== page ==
David Gardner (Cofounders Capital): We have a joke that if we don’t understand something in the first 2 minutes, we won’t invest.

By Borys Sydiuk

30 Jul, 2021

David Gardner is General Partner at Cofounders Capital

David Gardner is General Partner at Cofounders Capital. He is a serial entrepreneur, writer, adviser, and early-stage fund manager with over thirty years of experience in creating and building software technology companies. He was the founder or co-founder of seven companies including PeopleClick and Report2Web. He served as the Executive VP and Thought Leader for Compuware, a Fortune 1000 Corporation. He is author of a popular book on entrepreneurship called The StartUp Hats. Among other firsts, David is credited with founding and launching the first software-as-a-service venture in North Carolina.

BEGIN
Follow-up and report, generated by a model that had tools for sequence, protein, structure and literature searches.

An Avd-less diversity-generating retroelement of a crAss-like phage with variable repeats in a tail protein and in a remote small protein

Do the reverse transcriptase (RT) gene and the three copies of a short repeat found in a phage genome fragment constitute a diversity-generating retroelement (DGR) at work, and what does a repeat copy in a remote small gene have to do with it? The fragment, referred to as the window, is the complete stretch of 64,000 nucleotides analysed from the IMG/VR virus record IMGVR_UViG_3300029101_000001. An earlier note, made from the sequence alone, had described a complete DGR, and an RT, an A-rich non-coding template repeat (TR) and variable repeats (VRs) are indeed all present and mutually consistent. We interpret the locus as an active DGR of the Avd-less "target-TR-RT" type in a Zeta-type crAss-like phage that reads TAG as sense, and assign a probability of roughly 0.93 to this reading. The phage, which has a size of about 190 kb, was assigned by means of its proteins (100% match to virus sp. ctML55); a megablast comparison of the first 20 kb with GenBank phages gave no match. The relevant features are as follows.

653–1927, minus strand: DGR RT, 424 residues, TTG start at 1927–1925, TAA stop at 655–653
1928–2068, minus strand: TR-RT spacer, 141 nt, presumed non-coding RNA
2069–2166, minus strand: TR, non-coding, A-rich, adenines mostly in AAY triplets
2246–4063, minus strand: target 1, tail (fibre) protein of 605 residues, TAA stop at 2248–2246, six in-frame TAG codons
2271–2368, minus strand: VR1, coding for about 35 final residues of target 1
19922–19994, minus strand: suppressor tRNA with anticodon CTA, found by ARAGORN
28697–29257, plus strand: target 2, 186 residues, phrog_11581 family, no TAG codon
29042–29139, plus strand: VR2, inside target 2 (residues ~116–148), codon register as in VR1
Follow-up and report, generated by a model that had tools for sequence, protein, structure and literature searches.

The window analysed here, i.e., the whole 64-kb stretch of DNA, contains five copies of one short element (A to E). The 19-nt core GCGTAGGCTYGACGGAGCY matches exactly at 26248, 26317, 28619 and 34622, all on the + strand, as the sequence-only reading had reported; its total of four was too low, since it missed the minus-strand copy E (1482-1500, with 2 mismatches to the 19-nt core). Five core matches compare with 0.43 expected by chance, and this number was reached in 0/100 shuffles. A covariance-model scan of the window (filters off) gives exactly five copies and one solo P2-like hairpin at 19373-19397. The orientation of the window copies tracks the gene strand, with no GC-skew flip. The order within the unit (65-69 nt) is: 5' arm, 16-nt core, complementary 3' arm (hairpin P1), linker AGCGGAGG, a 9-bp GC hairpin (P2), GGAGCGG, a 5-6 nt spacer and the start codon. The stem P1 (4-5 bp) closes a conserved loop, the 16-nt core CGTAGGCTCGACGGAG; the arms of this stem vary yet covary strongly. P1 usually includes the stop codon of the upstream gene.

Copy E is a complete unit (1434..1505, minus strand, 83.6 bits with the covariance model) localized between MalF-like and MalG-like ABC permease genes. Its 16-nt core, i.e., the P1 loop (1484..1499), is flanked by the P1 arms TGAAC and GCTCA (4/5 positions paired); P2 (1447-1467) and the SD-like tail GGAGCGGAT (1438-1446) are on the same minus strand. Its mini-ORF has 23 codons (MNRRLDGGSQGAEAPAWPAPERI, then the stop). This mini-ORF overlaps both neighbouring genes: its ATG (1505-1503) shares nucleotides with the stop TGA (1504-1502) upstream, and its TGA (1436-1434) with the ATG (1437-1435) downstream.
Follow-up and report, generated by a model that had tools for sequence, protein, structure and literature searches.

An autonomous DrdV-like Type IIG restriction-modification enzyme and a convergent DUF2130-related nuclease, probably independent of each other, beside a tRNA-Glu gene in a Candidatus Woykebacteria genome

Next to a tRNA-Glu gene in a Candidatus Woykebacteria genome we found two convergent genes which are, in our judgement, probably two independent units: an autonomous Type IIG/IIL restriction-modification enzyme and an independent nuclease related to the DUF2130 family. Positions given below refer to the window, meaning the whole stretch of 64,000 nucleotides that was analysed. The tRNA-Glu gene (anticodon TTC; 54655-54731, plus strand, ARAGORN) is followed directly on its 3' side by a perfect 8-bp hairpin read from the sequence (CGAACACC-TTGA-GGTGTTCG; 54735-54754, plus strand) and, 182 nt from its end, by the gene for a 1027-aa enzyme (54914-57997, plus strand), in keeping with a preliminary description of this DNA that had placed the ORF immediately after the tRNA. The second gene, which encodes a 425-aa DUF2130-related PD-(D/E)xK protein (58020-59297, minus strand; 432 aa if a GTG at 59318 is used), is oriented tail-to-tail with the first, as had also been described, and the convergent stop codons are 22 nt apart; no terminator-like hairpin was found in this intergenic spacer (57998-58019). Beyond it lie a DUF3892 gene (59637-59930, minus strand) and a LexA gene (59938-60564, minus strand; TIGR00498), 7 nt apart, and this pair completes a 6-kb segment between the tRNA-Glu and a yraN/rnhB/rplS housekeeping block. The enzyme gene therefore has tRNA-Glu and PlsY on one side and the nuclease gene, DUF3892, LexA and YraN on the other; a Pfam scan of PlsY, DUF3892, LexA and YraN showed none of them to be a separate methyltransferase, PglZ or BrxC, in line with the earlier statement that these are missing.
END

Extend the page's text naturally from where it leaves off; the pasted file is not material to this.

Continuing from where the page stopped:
How it all started? How did you decide to enter the venture investment business?

I’ve never planned to be an entrepreneur. I studied philosophy. I often say that the best thing higher education did for me is that it left me with absolutely no marketable skills, so I was kind of forced to figure out how to pay back student loans and just make money. I begin doing what I could. I built a computer for myself because I couldn’t afford to buy one. Then a friend asked me to build one, another one, and then that turned into programming and networking and putting in complete solutions – inventory control solutions, sales solutions, etc. That lead me eventually to shaving the hardware side and doing just software, where margins were better. I built a service-based company with a couple of hundred developers. I ended up creating 6 more SaaS product stirrups.

What surprised or impressed you the most when you started working in venture capital?